ABOUT 80 terminally ill Scots are expected to take their own lives every year if assisted suicide is legalised, according to the MSP behind the proposal.
But Green party co-leader Patrick Harvie says about 50 dying Scots a year are already taking their own lives and may be subject of coercion from friends or family members.
Mr Harvie says the public mood is behind the change and Scots don’t want to see people prosecuted for helping a terminally ill person end their suffering.
The change will allow Scots who are dying and find their quality of life “unacceptable” to request a lethal cocktail of drugs from a pharmacist to end their own lives.
The take-up level in Scotland is likely to be “relatively low” based on other parts of the world which have adopted the change, he said.
“The projection in the accompanying documents that were produced by Margo MacDonald on the bill’s introduction suggest something in the region of 80 per year,” Mr Harvie told Holyrood’s health committee.
“We can’t be crystal ball gazers on a matter like that, it’s pretty clear that’s comparable with the take up in other jurisdictions. It remains a very low proportion of overall deaths.”
But Mr Harvie urged MSPs not to focus too heavily on the numbers of uptake. “If we believe in the basic principle of empowering individuals to take decisions about their own lives, then we shouldn’t be in a position of telling them they’ve made the wrong choice,” he said.
But he added that many stricken Scots are already resorting to making their own arrangements for suicide away from the authorities. “Statistics show there are probably somewhere in the region of 50 suicides of terminally people a year at present,” he said.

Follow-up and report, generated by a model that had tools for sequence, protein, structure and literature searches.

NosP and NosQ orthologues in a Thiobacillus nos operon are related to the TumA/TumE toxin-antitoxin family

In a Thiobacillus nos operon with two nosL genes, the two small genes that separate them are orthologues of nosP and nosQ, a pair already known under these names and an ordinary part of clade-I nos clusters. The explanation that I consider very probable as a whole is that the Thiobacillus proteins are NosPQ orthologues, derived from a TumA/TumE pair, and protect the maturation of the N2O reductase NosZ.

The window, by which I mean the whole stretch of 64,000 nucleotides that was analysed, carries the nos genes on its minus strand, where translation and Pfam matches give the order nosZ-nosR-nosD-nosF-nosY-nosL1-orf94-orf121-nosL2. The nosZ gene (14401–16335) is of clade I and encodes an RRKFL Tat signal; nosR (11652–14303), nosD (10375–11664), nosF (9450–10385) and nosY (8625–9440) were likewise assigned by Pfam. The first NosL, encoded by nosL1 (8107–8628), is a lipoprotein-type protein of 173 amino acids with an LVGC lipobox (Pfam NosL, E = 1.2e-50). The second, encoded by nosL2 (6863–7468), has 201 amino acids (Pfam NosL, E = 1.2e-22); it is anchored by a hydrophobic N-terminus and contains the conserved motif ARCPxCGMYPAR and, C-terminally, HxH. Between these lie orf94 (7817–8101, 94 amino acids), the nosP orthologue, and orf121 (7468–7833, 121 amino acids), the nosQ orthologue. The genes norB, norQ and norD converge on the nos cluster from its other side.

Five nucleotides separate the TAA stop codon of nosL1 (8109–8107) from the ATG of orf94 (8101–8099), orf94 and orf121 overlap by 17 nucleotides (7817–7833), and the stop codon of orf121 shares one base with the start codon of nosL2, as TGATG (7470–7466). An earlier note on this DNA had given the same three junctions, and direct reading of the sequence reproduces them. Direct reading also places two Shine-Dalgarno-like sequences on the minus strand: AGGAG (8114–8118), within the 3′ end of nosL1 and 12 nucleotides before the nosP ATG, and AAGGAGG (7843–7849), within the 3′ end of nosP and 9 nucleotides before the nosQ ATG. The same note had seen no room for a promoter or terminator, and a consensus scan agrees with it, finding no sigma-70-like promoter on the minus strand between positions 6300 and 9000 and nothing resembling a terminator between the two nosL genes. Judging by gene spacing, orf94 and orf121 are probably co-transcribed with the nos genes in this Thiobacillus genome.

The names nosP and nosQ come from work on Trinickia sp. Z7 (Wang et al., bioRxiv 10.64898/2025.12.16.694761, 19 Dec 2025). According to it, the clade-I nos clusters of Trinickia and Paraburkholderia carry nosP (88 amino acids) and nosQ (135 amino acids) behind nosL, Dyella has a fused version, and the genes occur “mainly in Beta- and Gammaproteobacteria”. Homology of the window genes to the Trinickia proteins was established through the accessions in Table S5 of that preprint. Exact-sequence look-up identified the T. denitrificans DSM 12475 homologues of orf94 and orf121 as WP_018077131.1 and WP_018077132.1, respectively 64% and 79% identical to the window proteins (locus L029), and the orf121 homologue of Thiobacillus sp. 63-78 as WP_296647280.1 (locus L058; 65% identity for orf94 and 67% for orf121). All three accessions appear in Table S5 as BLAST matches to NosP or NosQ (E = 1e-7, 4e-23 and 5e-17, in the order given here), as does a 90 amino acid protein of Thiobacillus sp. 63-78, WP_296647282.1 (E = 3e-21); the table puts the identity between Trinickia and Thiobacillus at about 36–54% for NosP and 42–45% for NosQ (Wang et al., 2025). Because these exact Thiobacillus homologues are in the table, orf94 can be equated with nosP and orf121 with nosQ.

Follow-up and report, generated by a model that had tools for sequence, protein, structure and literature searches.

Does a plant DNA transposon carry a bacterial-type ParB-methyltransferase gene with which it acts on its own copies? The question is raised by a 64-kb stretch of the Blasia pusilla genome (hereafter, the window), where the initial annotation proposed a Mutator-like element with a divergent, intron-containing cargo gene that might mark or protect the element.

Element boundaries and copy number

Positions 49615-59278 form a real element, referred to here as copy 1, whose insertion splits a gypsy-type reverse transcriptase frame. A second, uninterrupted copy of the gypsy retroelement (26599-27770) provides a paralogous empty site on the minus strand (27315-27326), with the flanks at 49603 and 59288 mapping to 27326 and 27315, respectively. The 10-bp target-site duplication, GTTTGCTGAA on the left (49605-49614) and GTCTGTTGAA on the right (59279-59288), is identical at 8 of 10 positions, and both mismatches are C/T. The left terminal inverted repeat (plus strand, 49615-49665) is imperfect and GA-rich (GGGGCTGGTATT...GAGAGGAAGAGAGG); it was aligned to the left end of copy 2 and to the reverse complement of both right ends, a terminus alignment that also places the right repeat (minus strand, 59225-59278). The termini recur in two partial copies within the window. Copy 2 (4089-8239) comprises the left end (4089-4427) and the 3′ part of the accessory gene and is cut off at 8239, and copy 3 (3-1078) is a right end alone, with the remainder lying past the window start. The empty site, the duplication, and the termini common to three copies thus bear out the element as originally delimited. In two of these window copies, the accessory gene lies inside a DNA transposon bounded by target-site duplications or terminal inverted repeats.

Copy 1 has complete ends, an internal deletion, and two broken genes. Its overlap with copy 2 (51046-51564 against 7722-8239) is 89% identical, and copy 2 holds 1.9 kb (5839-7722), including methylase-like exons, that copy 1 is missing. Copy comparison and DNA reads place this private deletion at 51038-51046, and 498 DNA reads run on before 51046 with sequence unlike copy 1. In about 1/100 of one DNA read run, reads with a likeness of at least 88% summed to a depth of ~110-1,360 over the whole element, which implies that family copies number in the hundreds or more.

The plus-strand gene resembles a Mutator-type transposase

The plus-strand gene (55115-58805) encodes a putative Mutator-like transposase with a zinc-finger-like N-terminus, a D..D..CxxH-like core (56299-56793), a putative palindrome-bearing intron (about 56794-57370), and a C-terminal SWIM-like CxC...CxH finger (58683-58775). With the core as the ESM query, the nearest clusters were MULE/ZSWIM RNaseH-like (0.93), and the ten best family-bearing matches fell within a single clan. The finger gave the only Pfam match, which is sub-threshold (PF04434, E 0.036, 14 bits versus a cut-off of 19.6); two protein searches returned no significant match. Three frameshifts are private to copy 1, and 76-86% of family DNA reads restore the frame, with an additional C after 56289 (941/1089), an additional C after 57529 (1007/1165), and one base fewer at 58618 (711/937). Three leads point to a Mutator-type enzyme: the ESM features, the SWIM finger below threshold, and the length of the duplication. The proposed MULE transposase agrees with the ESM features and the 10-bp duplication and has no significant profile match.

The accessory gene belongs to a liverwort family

“That’s a matter which should concern and distress us all.”
MSPs on Holyrood’s health committee will now decide whether to back the general principles of bill, before Parliament votes on allowing it to proceed.
Supporters of the legislation held a rally outside the Scottish Parliament yesterday before Mr Harvie’s appearance.
A new poll published by campaign group My Life, My Death, My Choice found that 28 per cent of people would be more likely to vote for their MSP if they back the bill, with 8 per cent less likely.
Bob Scott, spokesman for My Life, My Death, My Choice, said the poll demonstrated “incredible public support” for the legislation.
He said: “The Scottish electorate are clearly willing to back this bill with their voices as well as their actions at the ballot box.”
But Dr Gordon Macdonald, parliamentary officer with the Care for Scotland Christian charity, called on Mr Harvie to withdraw the “poorly written, badly constructed” bill.
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